Wilk, M.B. and Gnanadesikan, R. 1968.
Probability plotting methods for the analysis of data.
Biometrika 55: 1-17. Jstor link if you have access
This paper is, at the time of my writing, almost 50 years old but still feels fresh and innovative. Using a rich variety of interesting and substantial examples, the authors unify and extend a variety of ideas for plotting and comparing distributions using the framework of Q-Q (quantile-quantile) and P-P (probability-probability) plots. Distributions here mean broadly any sets of data or of numbers (residuals, contrasts, etc., etc.) arising in their analyses.
Particular versions of these plots go back several decades, most obviously normal probability or normal scores plots. which are in these terms quantile-quantile plots, namely plots of observed quantiles versus expected or theoretical quantiles from a sample of the same size from a normal (Gaussian) distribution. But the authors show, modestly yet confidently, that the same ideas can be extended easily -- and practically with modern computing -- for examining other kinds of quantiles and plotting the results automatically.
The authors, then both at Bell Telephone Laboratories, enjoyed state-of-the-art computing facilities, and even many universities and research institutions took a decade or so to catch up. Even now, the ideas in this paper deserve wider application than they get. It's a rare introductory text or course that includes any of these ideas other than the normal Q-Q plot. Histograms and box plots (each often highly useful, but nevertheless each awkward and limited in several ways) continue to be the main staples when plots of distributions are introduced.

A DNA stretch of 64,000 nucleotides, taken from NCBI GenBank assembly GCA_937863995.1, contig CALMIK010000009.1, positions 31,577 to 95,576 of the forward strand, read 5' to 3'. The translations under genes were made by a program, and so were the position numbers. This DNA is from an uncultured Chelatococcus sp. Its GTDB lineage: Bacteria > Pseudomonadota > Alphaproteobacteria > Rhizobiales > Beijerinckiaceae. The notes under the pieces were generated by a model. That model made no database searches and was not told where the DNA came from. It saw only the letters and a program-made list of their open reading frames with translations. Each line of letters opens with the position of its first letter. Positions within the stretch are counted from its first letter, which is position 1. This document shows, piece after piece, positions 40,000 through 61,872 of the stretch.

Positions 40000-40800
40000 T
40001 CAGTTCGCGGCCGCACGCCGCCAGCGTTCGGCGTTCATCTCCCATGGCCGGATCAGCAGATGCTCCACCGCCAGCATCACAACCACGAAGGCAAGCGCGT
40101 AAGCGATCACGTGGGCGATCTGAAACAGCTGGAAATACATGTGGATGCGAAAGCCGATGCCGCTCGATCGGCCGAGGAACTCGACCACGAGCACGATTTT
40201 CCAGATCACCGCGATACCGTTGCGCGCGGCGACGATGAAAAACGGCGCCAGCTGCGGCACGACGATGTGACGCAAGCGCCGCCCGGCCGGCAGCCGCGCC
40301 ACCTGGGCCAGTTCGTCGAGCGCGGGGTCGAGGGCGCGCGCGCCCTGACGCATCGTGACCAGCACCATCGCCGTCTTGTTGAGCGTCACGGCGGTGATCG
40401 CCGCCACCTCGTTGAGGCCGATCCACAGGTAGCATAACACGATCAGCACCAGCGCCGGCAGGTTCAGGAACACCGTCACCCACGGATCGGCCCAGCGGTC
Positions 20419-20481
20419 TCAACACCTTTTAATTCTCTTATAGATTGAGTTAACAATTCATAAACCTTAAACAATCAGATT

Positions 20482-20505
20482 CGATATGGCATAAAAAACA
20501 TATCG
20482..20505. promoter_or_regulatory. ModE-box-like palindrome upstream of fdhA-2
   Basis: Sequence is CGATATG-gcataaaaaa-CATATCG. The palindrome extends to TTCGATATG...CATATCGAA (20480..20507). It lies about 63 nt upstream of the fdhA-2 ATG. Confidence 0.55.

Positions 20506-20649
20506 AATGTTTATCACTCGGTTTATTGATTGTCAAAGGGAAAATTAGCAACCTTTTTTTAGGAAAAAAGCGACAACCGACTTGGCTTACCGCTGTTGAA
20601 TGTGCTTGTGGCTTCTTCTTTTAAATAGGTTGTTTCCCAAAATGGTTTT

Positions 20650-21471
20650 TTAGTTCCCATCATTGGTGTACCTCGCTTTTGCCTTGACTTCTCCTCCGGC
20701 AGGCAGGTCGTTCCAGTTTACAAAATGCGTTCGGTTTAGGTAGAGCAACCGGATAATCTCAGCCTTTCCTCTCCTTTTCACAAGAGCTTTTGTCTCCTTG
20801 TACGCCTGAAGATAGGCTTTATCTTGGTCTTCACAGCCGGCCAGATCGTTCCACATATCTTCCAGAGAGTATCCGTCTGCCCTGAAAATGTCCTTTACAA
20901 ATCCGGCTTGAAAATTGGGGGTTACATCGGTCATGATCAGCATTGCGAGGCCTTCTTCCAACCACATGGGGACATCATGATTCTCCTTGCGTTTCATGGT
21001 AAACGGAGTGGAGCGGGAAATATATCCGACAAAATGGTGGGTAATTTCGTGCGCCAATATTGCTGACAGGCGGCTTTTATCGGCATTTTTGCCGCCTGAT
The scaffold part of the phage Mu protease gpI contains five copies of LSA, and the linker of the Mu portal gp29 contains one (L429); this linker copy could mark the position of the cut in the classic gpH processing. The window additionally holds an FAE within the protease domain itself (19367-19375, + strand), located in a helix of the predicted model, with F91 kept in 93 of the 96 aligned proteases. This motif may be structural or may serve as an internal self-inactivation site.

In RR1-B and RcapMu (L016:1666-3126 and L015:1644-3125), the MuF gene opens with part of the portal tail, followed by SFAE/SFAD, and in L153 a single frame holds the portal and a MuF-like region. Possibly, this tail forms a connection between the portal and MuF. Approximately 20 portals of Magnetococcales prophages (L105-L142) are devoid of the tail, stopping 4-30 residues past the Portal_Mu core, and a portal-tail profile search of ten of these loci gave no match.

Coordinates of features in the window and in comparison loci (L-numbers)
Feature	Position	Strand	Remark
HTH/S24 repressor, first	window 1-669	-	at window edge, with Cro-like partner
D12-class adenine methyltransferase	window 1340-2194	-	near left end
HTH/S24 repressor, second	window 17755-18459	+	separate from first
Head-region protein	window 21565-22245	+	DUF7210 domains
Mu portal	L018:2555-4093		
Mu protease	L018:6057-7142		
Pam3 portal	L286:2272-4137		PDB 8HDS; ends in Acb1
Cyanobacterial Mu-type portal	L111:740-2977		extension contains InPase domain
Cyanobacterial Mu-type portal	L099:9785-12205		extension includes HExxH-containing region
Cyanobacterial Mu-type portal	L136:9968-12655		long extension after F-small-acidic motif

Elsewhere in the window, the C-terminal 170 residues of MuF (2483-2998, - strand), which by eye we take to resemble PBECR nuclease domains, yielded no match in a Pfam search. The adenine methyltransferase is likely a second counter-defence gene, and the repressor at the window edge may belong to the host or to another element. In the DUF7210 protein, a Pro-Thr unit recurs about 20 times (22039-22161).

On a personal level, even though the main ideas of this paper have been familiar for most of my career, I enjoy re-reading it every couple of years or so. One good reason is pleasure at the way the authors yield simple but powerful ideas to good effect with serious examples. Another good reason is the way that the paper, which is concisely written, without the slightest trace of bombast, hints at extensions of the main ideas. More than once, I've rediscovered twists on the main ideas covered explicitly in side hints and further comments.
This isn't just a paper for those especially interested in statistical graphics, although to my mind that should include everyone interested in statistics of any kind. It promotes ways of thinking about distributions that are practically helpful in developing anyone's statistical skills and insights.